St Petersburg, Concert Hall


opera in three acts

performed in Czech (the performance will have synchronised Russian supertitles)


The Mermaid: Yekaterina Solovieva
The Prince: Carlos D'Onofrio
The Water-Sprite: Ilya Bannik
The Princess: Elena Karpesh
Ježibaba (Baba Yaga): Varvara Solovieva


Music by Antonín Dvořák
Libretto by Jaroslav Kvapil

Stage Director: Alexander Maskalin
Production Designer: Sergei Grachev
Lighting Designer: Kamil Kutyev 
Costume Designer: Tatiana Yastrebova
Musical Preparation: Larisa Gergieva
Chorus Master: Pavel Teplov



Act I
Not far from the hut of Ježibaba, Rusalka sits forlornly on the shore of the lake. The wood nymphs have awoken the old Water-Sprite, Rusalka’s father, with their singing, and he has swum to the surface of the lake. Frightened, the nymphs depart, and Rusalka tells her father of her grief. She has fallen passionately in love with a handsome prince and is ready to do whatever it takes just to be with him. She wishes to acquire a human soul. The Water-Sprite is dismayed: this love will bring his daughter much woe and grief. Because having a soul means to suffer! However, touched by his daughter’s prayers, he sends her for advice to Ježibaba. Rusalka sets off for the old woman. The latter agrees to assist, but on a certain condition: when she becomes human, Rusalka will have no power of speech, and if she loses the love of the Prince she will be transformed into a will-o’-the wisp of the swamp and lead her beloved to death. Rusalka agrees to the risks. The transformation is complete. As the sun rises over the lake, the Prince appears, having got lost while on a hunt. He sees the beautiful maiden, and, falling in love with her at first sight, he takes her to his castle.

Act II
AT the castle, the Prince is preparing for his wedding. The servants are all discussing the event in as lively a way as could be imagined, and are surprised by the mysterious appearance of the bride. The bride is downcast. A beautiful and coquettish Princess who is visiting the castle is taking up more and more of the Prince’s attention. The ball begins, and celebratory music can be heard while the guests make merry in a carefree whirlwind of joy. The Water-Sprite, who has stolen into the park, sees with pain how his daughter is suffering in silence. Rusalka tries to draw her betrothed to her side, but he rejects her. In front of Rusalka, her eyes filled with misery, the Prince declares his love for the Princess. Rusalka runs from the castle, protesting to the Water-Sprite of her betrothed’s infidelity. The Water-Sprite if filled with wrath, and he curses the Prince to die; taking his daughter with him, he disappears into a deep whirlpool.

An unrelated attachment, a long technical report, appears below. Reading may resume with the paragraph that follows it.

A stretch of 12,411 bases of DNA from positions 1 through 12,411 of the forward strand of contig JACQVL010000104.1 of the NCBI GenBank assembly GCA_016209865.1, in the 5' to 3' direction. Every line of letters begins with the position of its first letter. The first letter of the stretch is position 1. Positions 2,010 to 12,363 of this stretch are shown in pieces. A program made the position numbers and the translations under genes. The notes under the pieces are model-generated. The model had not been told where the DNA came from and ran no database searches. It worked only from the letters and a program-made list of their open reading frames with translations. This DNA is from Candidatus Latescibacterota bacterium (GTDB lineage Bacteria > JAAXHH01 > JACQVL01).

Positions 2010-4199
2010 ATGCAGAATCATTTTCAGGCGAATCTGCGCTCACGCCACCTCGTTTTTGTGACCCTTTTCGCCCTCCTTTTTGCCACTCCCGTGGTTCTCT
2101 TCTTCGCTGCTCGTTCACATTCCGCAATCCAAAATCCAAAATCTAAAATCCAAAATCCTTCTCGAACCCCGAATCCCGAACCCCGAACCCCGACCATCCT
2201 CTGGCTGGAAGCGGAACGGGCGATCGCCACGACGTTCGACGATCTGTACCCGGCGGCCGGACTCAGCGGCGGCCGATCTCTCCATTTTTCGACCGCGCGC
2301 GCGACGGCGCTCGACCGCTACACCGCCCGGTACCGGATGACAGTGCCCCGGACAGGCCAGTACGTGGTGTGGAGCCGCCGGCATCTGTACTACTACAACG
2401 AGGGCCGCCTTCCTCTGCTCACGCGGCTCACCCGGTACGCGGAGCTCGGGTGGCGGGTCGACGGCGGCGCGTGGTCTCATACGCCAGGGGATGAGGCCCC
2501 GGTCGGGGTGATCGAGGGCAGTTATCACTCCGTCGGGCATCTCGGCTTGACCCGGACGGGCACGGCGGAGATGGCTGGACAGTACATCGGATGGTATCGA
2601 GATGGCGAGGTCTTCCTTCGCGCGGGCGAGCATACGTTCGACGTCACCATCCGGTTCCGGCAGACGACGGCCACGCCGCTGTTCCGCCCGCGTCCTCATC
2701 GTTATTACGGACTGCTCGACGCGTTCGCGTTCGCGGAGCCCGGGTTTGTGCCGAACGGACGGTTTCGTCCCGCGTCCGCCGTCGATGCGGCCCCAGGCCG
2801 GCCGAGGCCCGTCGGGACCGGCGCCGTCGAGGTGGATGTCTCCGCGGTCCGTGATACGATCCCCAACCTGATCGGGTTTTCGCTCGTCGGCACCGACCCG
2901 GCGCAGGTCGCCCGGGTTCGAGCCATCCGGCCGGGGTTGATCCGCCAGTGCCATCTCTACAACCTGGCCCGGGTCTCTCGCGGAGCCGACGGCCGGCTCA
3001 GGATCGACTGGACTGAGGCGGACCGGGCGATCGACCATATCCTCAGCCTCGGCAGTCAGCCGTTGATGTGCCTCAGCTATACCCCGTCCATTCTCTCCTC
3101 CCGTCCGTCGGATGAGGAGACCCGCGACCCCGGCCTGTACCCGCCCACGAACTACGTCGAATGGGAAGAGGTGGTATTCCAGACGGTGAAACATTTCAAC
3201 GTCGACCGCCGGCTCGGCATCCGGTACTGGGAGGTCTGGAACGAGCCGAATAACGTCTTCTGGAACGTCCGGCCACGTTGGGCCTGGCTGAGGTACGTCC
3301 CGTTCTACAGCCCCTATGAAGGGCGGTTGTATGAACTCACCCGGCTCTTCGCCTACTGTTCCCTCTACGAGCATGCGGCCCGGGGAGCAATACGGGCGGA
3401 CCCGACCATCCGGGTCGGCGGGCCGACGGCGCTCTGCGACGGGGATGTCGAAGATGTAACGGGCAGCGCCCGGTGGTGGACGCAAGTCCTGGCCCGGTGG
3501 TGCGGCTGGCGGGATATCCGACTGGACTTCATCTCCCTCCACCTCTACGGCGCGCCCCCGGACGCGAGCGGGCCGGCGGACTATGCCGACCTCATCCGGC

Rusalka returns once more to the lake in the woods. She has been transformed into a will-o’-the wisp and is cursed to roam eternally. Ježibaba offers to remove the curse; to do this Rusalka must kill the Prince. But could she raise her hand against the man who means more to her than life itself? The Hunter and the Kitchen-Boy come to Ježibaba. They ask for medicine for the Prince who is dying from woe: his transitory fascination with the Princess has passed, and the Prince’s thoughts belong to his bride who has vanished without trace. The Water-Sprite drives the servants away, but soon the Prince himself appears at the lake. He calls on Rusalka, and she appears from the watery depths. The Prince joyfully advances towards her but she stops him. Rusalka still loves her betrothed passionately. She forgives him her suffering. Her touch will be fatal to him. But the Prince does not need a life where his beloved does not exist. He kisses Rusalka and dies in her arms.

World premiere: 31 March 1901, National Theatre, Prague
Premiere of this production: 15 July 2009, Concert Hall of the Mariinsky Theatre, St Petersburg 

Running time 3 hours 10 minutes
The Performance has two intermissions

Age category 6+

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